Hospital Lumiere, a primary care and medical-surgical facility located in Bon Fin, Haiti will now get its electricity from the sun, thanks to a new 50 kilowatt (kW) solar array with a battery backup system totaling 84 kW of electricity thanks to a donation from SolarWorld installed by Pennsylvania’s Smucker’s Energy. The recently announced project will replace the hospital’s former reliance on hydroelectric and diesel generators, helping to reduce maintenance cost and prevent power disruptions that undermine patient treatment.
Hospital Lumiere, the “Hospital of Light”, is in the mountains—5 and a half hours away from the capital by vehicle. The 120-bed hospital serves 60,000, often accommodating patients who travel across Haiti seeking care that they can’t find locally. The hospital provides medical services regardless of patents’ religious faith or ability to pay.
The new system is provided through SolarWorld’s Solar2World program, which provides clean solar power for community-oriented, rural electrification projects in developing countries.
“Six years after the earthquake, the people of Haiti still need a lot of help,” said Mukesh Dulani, president of SolarWorld Americas Inc. However, SolarWorld began providing solar panels to Haitian hospitals even before that disaster struck in January 2010. “Our donated solar panels are now powering at least five hospitals in Haiti, demonstrating the clean power of solar to generate electricity for what should be clean, quiet and safe care facilities.”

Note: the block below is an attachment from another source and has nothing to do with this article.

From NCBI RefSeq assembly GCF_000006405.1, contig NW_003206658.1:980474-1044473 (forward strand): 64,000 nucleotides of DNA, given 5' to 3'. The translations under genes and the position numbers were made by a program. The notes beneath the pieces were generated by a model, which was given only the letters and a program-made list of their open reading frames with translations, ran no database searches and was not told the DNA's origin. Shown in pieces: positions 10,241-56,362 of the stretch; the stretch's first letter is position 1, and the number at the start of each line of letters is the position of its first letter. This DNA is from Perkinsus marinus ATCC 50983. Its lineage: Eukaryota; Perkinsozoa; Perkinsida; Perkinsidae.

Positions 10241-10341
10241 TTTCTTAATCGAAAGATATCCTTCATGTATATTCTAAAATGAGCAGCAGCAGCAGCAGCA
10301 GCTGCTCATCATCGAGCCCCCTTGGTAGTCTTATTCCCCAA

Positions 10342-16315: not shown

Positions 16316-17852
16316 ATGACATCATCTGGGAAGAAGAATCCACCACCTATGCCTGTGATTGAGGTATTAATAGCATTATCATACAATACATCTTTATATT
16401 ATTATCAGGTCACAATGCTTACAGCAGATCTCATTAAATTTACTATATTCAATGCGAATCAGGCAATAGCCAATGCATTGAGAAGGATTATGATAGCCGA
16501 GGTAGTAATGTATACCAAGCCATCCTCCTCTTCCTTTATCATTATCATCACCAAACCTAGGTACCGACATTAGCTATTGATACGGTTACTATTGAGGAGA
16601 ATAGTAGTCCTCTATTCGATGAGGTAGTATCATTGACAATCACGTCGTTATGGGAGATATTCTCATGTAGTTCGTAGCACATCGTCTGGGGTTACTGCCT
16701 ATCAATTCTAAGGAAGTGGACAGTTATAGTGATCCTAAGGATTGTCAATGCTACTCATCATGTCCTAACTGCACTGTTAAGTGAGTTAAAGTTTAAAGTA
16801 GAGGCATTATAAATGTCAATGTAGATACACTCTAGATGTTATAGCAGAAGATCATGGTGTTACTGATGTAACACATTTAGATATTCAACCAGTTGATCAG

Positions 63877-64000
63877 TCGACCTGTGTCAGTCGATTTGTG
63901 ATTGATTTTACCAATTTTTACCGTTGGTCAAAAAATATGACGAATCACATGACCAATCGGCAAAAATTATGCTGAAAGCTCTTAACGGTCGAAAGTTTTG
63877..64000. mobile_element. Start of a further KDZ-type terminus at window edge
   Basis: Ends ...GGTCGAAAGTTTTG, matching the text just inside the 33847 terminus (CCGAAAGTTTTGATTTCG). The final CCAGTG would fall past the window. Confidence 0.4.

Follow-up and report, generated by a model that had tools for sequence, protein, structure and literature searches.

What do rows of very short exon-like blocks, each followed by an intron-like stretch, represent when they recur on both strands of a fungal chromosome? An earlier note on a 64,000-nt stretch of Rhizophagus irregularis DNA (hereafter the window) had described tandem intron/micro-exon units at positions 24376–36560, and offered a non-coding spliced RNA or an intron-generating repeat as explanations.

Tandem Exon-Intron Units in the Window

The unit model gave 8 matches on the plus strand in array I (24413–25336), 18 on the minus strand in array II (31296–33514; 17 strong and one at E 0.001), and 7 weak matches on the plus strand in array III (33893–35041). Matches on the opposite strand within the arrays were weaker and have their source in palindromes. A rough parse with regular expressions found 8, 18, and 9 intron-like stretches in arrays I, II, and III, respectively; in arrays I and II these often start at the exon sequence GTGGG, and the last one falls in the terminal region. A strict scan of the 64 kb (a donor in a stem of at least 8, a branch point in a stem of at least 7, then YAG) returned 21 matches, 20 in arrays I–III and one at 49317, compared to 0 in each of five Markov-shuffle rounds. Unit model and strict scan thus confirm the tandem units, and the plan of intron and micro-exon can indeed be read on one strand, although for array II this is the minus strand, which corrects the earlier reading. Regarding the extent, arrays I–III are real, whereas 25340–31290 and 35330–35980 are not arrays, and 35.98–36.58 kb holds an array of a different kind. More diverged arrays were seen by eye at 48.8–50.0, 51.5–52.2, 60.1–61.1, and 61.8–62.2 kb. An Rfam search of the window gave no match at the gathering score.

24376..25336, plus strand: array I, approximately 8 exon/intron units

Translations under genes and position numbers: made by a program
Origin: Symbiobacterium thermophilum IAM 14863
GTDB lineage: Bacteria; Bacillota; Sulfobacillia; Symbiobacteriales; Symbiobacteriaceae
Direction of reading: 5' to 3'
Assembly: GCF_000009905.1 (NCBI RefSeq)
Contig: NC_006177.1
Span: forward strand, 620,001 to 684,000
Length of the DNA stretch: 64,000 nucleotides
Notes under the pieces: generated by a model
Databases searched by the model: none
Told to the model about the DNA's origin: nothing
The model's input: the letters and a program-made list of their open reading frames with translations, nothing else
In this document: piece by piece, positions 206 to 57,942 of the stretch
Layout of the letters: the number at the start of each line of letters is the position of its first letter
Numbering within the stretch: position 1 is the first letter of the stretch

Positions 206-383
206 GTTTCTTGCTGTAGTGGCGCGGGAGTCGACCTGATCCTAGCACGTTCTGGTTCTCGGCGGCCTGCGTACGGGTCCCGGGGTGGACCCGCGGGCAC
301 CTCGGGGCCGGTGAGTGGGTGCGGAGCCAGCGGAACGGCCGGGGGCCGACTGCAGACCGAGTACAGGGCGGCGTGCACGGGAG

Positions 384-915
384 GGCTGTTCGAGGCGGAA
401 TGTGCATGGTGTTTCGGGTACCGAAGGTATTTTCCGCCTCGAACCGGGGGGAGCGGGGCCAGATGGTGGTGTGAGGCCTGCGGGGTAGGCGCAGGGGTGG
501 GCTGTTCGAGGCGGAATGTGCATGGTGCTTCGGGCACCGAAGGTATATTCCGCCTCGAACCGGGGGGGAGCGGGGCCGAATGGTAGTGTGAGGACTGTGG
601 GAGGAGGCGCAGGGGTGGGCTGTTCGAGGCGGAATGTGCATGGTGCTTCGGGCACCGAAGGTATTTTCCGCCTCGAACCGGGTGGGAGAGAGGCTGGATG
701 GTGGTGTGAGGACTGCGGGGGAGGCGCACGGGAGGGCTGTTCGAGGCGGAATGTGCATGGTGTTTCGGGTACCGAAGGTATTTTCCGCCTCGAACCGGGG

The solar and battery backup system was designed and installed by Lancaster, PA’s Smucker’s Energy. “Helping those in need is a family tradition; being a family business, it’s something we’ve done with Smucker’s Energy from the start,” said John Smucker, president Smucker’s Energy. “I’ve been to Haiti several times, and the need there is great.…We wanted to provide this charitable install with the same high-quality solar modules we use in the states, and SolarWorld helped make that happen.” The company provided its services at cost with a volunteer crew and reduced engineering cost. SolarWorld distributor Civic Solar also supplied engineering support and major components at reduced cost as well.
Other U.S companies have also donated solar arrays to help Haiti revitalize its villages. For instance, last April NRG Energy donated arrays to two Haitian non-profit organizations: Les Centres GHESKIO in Port au Prince and Sustainable Organic Integrated Livelihoods in Cap-Haïtien. Each organization received a 20 KW system, which now provides 70 percent and 100 percent of their respective energy needs.Tweet